“The Dark Night Of The Soul” feels dark and meaningful at the top. Levi’s performance here is chilling. This is the most emotional track so far, and I now understand that I needed the previous song in order to prepare me for this. There’s so much darkness in the world, and Levi outlines that thought so poetically. “Of course the world is grey/Of course the mountain is no longer a mountain and the rivers have turned to snakes/I will never forget the way that her father writhed in the dirt the day that he wept over the grave he made for his daughter after begging you to let her stay.”
Thought Provoking Words
That prior track was heavy and almost painful. Throughout this project so far the performances have been dramatic and extremely thought provoking to say the least. Track 6 has an interesting title. “As Far As The East Is From The (Navel To The) West.” It seems to be a take on Psalms 103, where the psalmist describes how far the Lord has removed our sins from us. The music begins big and boomy, with (maybe) some 808’s there. Levi continues with transparency and honesty. He’s talking about losing faith and giving up on God. As the song progresses the music changes to light and airy, almost embodying the sound of hope. “I got lost and the only way that I could talk to God was through profanity and absolutely nothing and maybe that’s what He was going for all along.” …”I have not forgotten Your voice and the only thing it speaks is love and I recognize it because that word never comes to me from me.”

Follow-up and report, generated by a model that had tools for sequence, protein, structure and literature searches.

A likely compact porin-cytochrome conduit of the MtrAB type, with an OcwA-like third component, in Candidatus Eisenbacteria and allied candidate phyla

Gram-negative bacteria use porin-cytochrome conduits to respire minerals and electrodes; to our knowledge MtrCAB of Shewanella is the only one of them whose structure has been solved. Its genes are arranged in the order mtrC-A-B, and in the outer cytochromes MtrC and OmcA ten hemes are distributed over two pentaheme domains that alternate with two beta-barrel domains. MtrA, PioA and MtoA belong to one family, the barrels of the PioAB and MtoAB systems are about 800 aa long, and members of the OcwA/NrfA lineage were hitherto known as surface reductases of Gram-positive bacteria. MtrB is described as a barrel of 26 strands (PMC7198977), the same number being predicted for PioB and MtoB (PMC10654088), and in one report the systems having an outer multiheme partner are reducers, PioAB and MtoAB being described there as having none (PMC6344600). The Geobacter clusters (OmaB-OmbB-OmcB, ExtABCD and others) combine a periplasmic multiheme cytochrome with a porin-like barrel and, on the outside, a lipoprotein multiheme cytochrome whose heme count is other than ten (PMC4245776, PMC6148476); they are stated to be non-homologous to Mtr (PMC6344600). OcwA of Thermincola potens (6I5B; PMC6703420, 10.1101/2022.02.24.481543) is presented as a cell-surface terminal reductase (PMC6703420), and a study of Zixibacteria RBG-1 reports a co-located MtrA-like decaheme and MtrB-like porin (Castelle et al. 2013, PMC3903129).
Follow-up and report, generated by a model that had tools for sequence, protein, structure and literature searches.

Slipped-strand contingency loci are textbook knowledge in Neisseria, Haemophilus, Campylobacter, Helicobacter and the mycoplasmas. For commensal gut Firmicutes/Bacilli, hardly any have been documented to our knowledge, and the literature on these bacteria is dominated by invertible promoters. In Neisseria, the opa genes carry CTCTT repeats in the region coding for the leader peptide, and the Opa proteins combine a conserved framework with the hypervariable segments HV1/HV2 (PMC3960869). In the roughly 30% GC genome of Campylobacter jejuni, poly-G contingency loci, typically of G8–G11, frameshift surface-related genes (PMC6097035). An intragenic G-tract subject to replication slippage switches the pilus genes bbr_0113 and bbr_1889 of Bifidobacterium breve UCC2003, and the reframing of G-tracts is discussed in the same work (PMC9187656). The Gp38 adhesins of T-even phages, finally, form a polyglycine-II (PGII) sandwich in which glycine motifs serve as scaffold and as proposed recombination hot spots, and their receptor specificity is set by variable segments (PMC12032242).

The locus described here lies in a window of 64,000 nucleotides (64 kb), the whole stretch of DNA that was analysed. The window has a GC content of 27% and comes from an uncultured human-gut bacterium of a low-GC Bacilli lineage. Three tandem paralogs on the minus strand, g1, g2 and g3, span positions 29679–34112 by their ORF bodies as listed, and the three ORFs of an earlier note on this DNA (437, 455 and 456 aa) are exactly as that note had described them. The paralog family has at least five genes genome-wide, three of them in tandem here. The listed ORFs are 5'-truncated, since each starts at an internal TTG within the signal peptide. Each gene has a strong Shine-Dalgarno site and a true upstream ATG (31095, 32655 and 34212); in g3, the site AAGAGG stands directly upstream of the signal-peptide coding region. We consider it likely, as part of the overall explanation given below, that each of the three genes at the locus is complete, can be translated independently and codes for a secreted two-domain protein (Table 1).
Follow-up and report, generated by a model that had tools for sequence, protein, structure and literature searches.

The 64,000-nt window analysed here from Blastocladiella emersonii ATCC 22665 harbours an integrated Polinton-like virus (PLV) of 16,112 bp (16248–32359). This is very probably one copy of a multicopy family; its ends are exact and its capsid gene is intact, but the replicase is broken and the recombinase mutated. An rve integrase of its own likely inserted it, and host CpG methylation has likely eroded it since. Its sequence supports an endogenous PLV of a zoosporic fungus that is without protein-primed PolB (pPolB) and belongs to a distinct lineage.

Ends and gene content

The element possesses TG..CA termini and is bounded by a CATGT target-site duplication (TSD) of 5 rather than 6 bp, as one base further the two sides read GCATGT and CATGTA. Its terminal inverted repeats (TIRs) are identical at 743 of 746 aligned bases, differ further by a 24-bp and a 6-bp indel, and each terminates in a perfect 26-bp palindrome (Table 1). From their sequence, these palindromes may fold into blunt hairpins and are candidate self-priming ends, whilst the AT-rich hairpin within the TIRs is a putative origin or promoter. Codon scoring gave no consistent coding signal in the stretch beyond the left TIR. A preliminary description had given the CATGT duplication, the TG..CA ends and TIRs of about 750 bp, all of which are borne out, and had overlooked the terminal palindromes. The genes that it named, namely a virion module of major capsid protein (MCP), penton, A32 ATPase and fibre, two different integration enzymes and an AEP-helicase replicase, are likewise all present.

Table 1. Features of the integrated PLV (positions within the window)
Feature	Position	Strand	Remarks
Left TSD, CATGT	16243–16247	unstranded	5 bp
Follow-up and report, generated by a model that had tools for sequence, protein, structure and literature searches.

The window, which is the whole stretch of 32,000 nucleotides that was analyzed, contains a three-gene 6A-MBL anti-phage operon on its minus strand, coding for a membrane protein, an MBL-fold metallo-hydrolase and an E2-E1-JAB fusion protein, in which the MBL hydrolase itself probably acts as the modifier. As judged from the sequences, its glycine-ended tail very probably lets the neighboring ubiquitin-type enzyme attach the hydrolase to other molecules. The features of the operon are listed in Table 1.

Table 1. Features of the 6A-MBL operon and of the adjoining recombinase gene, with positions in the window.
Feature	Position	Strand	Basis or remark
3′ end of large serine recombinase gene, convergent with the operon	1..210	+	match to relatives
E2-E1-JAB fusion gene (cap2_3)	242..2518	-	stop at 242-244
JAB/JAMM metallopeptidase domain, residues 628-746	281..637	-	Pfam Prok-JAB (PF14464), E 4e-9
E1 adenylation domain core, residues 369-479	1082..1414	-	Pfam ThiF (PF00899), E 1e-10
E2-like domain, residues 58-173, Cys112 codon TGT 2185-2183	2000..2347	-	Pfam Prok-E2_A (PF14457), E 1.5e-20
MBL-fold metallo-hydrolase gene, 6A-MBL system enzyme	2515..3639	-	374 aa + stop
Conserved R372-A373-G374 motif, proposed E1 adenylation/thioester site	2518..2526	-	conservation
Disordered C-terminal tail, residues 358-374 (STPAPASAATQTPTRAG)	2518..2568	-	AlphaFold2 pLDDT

Now we close out with “Keep Forgiving.” Those two words have been uttered quite a bit for this whole project. It seems to be a theme. From the top of this record to the bottom we’re reminded to forgive. Like the title of the first track states, in Latin, we’re “simultaneously just and sinful.” I would submit that living a life of forgiveness is a great way to navigate that truth. Levi thoughtfully walks through what forgiveness looks like. Challenging us all to forgive through pity, abuse, hatred, anger, and grief among other things. He also continues to point to the idea of self forgiveness. “Hate is a prison. keep forgiving/I’ve told my stories, but they’re yours./you may never get your apology and on the day you do, it may not mean a thing/Keep forgiving.”
Words can be therapeutic. Community can be this way as well. There’s something about the idea that realizing everyone else is as messed up as you are. The honesty in Levi’s words, his candor, his bare humanity are all like medicine for the soul. There’s a healing aspect to his words, and I don’t believe that it’s all Levi’s doing. I believe that God uses words, platforms, and all art to call people to Himself, and I felt God at work on this project. For the average hip-hop head this might not be your cup of tea, but if you are able to get past your genre-specific apprehensions and listen to Levi with an open mind, the Truth may change your heart as well. It’s not a perfect album at all, but I found it to be meaningful and all around solid.
Overall Rating – At The Bar